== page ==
No Desire to Go Back from Databarracks

Ian Hunter talks to Peter Groucutt, Managing Director at Databarracks

No Desire to Go Back from Databarracks

How does a company that manages the day to day minutia of keeping business continuity plans on track for their clients cope with the effects of Coronavirus themselves – what lessons are being learnt for the future?

Databarracks Managing Director, Peter Groucutt, describes his business as a concierge service, a managed services provider of business continuity plans for SMEs.

“Typically, directors and managers in SMEs are way too busy doing their day jobs to give much thought to keeping the business running and spend time on planning out how to cope with emergencies”

“We are the guys that do all that, making sure all the pieces are in place. The vast majority of continuity plans cater for a maximum of a 14-day hiatus and are built around a single significant event happening, say an ISO certification or a supplier audit. Once completed it’s a return to the day job till the next cycle comes around.

Coronavirus has completely changed that dynamic; this is very different to a fire knocking out the building next door.

Pandemics pose much broader risks, they are top right on the threat matrix, but few plans include them because they are so rare.”

How have teams adapted with comms strategies that work well?

“The comms and collaboration applications need embedding early to make them as effective as possible. Suddenly the company Tech Team is our greatest friend and extending apps such as SharePoint and Video to home workers to keep all the stand-up meetings working.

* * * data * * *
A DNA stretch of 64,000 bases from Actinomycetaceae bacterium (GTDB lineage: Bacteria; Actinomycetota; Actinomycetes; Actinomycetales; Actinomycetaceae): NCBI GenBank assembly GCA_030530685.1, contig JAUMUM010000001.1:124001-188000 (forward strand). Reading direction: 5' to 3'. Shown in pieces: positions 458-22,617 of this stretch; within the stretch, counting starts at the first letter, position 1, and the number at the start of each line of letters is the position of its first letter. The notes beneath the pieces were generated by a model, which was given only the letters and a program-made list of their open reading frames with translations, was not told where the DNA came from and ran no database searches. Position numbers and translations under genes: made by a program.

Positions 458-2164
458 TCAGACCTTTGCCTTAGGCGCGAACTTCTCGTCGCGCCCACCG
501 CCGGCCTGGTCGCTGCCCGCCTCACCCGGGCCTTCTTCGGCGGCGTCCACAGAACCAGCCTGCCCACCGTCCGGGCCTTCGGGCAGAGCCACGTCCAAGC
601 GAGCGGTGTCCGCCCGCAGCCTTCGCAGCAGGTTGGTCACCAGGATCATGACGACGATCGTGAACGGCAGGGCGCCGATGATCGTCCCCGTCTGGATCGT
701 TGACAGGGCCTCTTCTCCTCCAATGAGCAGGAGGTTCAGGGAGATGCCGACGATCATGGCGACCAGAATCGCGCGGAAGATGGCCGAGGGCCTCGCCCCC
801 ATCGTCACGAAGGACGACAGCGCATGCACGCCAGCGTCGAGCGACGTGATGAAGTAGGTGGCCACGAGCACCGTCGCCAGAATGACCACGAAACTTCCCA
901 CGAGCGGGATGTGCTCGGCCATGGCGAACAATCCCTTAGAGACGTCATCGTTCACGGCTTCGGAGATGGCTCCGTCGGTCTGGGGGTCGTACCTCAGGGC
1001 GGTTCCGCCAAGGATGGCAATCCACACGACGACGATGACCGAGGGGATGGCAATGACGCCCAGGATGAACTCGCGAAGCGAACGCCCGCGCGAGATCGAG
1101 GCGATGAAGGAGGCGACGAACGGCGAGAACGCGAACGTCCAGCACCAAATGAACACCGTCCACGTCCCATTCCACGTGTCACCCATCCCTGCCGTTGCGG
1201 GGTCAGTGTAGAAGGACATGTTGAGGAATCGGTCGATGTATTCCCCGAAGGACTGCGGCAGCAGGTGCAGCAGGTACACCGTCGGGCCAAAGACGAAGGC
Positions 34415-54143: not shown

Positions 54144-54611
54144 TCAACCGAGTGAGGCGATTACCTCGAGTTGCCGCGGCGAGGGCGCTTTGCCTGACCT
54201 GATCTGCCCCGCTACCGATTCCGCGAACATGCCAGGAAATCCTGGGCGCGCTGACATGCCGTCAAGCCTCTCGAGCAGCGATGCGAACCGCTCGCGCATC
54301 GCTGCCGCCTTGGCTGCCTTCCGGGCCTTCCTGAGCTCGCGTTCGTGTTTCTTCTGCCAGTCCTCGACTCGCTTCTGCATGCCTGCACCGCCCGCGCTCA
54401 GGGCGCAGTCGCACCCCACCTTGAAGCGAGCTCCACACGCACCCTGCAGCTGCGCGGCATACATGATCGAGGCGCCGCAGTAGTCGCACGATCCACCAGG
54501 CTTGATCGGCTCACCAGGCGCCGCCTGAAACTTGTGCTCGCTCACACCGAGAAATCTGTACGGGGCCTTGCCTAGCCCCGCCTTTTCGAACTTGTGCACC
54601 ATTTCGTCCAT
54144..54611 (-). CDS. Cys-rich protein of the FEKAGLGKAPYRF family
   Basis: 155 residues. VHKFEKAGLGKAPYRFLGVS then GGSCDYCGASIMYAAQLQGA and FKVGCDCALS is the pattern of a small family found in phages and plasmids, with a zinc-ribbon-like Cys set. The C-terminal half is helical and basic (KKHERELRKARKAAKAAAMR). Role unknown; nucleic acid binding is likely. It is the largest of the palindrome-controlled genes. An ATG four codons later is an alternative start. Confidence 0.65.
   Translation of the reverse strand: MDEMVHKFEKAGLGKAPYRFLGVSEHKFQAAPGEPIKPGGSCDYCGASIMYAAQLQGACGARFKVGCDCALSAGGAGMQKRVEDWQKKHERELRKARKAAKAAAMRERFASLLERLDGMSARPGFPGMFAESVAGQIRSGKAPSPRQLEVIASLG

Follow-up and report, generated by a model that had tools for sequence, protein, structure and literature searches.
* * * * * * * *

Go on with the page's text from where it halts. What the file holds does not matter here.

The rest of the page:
Chunks of time need to be effectively used; key strategic points and issues need to be focused – companies need to be aware of issues that disappear down rabbit holes.

For home workers time management will be key, balancing time sensitive tasks versus regular administrative tasks. Whole chunks of the day could be working, other chunks spent looking after the kids. Companies that understand this are thriving.

Already we are getting reports that productivity has improved; there’s no travelling hours to clients for a 60-minute meeting and then turning around for hours back again. Now, everyone is jumping on a call and then jumping off. I’ve not noticed any loss of personal contact.

As for going back to the way it was pre-virus, I hope it doesn’t go back. We can add more value to customers by having more time for client conversations. We need to make sure that time is invested wisely and manage how that collaboration extends throughout teams.

In the morning we are holding 15-minute chunks, or sprints as we call them, for daily sales, finance and tech meetings and I now feel more connected to the beating heart of the business. I’m enjoying it.”

Groucutt says that one thing he is unsure about at the moment are the people issues.

“Some are thriving and focused while others are struggling without their personal support networks and are missing the emotional support the office provides. We are providing pastoral support three times a week, trying to put fun events in place such as quizzes and prizes for the best lunch of the day.”

“It’s important to keep an eye on the psychological effects and provide 1-2-1s where needed”


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